Thomas Lang in Japan : Interview

Text and Translation by Louis Sesto (Eagletail Music)

Part 2 features an interview with Thomas Lang talking about SPARK7 and touring in Japan! Thomas also shares some of his perspectives about drumming.

Louis Sesto : How was your tour with SPARK7?
Thomas Lang : I had a wonderful time. I really enjoyed playing the new Spark 7 material and I always enjoy playing the older material as well. It’s a well-balanced show with plenty of room for interesting drumming. I was very happy with the organization and tour management and I enjoyed re-visiting the clubs we’ve played in the past with Spark 7. I had some great food and I felt very comfortable with our crew and tour management. All around it was a great experience and a lot of fun.

Louis : You also recorded some tracks for the upcoming SPARK7 album. What can we expect to hear on the new record?
TL : The new material is slightly heavier in my opinion, simply due to the fact that Isao san is using his 8-string guitar a lot more on the new tracks. The songs were written on 8-string with that beefier sound and vibe in mind. Despite all the heaviness the songs are very melodic and extremely catchy. I think that is a perfect combination for a progressive, heavy instrumental album. It’s sweet and sour! It’s dark and light, it’s Ying and Yang- the perfect combination.
The drum parts are really interesting and challenging and I had a great time recording the songs. I can’t wait to hear the finished mixes in a couple of months.

Louis : You played with many Japanese musicians during this visit. Anybody in particular that impressed you the most?
TL : I feel very lucky to have been given the chance to play with such an elite group of guests over the course of the tour. All of the guest guitar players were incredible in their own right. All of them were technically ultra-impressive and all of them had personality and a unique sound. It was a great “ride” to experience the different guitar players personalities in the Spark 7-context every night. The guitar battles with Isao were nothing short of explosive and stunning every single night. I especially enjoyed playing with Toshi Hikeda because we also hit it off on a personal level. I don’t speak Japanese and couldn’t verbally communicate with the other players very well, but Toshi speaks excellent English. That made his guest appearance a very special moment for me on the tour. He brought so much experience and a really great stage presence in addition to his incredible playing, and that made for a really high-energy and entertaining show in Osaka.

Louis : What’s your favorite SPARK7 song?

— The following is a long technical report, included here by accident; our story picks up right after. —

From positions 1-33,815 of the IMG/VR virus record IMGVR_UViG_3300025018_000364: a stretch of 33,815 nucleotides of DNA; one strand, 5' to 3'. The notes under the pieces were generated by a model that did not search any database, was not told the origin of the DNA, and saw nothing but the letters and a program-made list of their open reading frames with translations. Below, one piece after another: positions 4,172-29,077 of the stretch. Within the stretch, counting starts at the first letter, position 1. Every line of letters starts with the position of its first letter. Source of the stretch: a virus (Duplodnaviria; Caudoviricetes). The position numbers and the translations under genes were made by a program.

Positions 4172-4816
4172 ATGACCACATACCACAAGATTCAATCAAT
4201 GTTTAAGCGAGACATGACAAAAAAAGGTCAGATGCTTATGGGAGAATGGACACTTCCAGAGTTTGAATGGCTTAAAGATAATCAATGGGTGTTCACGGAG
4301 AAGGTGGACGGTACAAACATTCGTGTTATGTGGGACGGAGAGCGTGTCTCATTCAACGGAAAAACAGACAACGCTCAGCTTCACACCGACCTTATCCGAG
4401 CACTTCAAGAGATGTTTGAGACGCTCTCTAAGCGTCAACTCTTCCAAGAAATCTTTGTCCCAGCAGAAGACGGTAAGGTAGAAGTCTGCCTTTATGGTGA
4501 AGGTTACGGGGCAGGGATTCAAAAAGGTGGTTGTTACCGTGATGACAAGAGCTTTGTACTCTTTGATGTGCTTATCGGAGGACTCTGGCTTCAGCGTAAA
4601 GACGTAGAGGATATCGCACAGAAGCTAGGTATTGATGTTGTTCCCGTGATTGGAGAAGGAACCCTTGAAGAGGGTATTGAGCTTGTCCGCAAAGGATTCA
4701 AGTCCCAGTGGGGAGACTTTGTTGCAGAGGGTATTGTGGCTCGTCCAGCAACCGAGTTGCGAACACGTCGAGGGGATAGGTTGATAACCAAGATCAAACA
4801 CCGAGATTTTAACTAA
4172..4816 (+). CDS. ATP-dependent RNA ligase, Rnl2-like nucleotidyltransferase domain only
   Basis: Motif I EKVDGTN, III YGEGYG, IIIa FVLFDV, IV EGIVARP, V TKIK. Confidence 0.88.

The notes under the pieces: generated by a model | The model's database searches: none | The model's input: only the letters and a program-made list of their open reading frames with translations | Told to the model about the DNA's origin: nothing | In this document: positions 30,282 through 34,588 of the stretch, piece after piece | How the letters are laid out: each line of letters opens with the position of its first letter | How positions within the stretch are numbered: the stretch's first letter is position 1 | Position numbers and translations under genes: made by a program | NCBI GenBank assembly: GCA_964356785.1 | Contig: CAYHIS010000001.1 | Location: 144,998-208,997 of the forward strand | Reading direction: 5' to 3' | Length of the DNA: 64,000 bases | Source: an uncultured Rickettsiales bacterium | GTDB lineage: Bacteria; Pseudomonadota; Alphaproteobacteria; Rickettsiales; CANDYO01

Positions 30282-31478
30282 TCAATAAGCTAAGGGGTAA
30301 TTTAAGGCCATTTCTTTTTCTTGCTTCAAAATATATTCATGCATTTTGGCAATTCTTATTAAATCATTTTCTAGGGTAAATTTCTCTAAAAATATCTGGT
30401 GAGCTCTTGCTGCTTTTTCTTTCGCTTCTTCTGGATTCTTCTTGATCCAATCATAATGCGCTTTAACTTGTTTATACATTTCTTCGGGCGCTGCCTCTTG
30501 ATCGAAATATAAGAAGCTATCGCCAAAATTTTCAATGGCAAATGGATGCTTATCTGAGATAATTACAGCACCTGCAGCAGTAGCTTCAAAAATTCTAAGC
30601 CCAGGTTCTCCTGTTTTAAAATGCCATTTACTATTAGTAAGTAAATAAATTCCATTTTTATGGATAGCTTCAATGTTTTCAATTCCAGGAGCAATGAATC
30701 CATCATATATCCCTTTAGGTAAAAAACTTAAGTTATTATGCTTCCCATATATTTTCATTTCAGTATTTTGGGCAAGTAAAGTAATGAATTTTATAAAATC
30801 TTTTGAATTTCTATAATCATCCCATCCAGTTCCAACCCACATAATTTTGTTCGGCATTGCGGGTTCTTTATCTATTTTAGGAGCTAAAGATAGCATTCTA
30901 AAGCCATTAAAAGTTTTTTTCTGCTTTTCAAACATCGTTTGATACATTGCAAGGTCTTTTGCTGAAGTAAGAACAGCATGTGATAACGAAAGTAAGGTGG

TL : I really enjoy playing all the new songs, particularly “Cricket Chorus” and “Tri-Star”. These songs are so fresh and remind me very much of my own writing concept and approach that I can very much identify with all the details of the music. These songs sound like they could have come from me! I totally understand Isao san’s ideas and inspiration for these new songs and I feel very much at home in his style of writing and playing. I think the songs are extremely modern and slick. They are really well written and full of interesting twists and turns yet never pretentious and complicated for complexity’s sake. They are JUST right. The have just the right combination of heavy and melodic, just the right amount of complex nuance and approachable simplicity. I love playing that kind of music.

Louis : Your performance on this tour definitely was impressive in every aspect. What’s the secret behind being able to keep precise time, creating a great groove, and throwing in big complicated fills, all at the same time?
TL : Thank you very much. My focus is always groove and time, no matter how complex the music is. I concentrate 100% on the feel and where each note lands. I focus on every nuance of time and groove at every second of the music. Playing a big fill or more complex pattern is secondary. Those things are simply part of the music that needs to be played with precision and the right attitude. It’s like verbally telling a story to an audience. You want every word to be understood and clear. You want every phrase and sentence to be pronounced correctly and articulated in order for the listener to understand exactly what you are saying. I apply the same concepts to my playing. I want to “say” everything very clearly and I put emphasis on the precision and accuracy of every note and phrase so the audience can easily follow. Especially when the music gets more complex, I focus on the accuracy and on time and feel. I want the audience to follow even the most complicated parts of the music because I want them to appreciate the nuance. My desire to play the complex parts of the songs elegantly and with the intention of the composition in mind, will always over-ride my “drummer-ego”. I don’t want to sound flash on the drums, I just want to play the parts in the most elegant and slickest way to convey the purpose of the music and support the composition with a great feel, solid time and the right dynamics.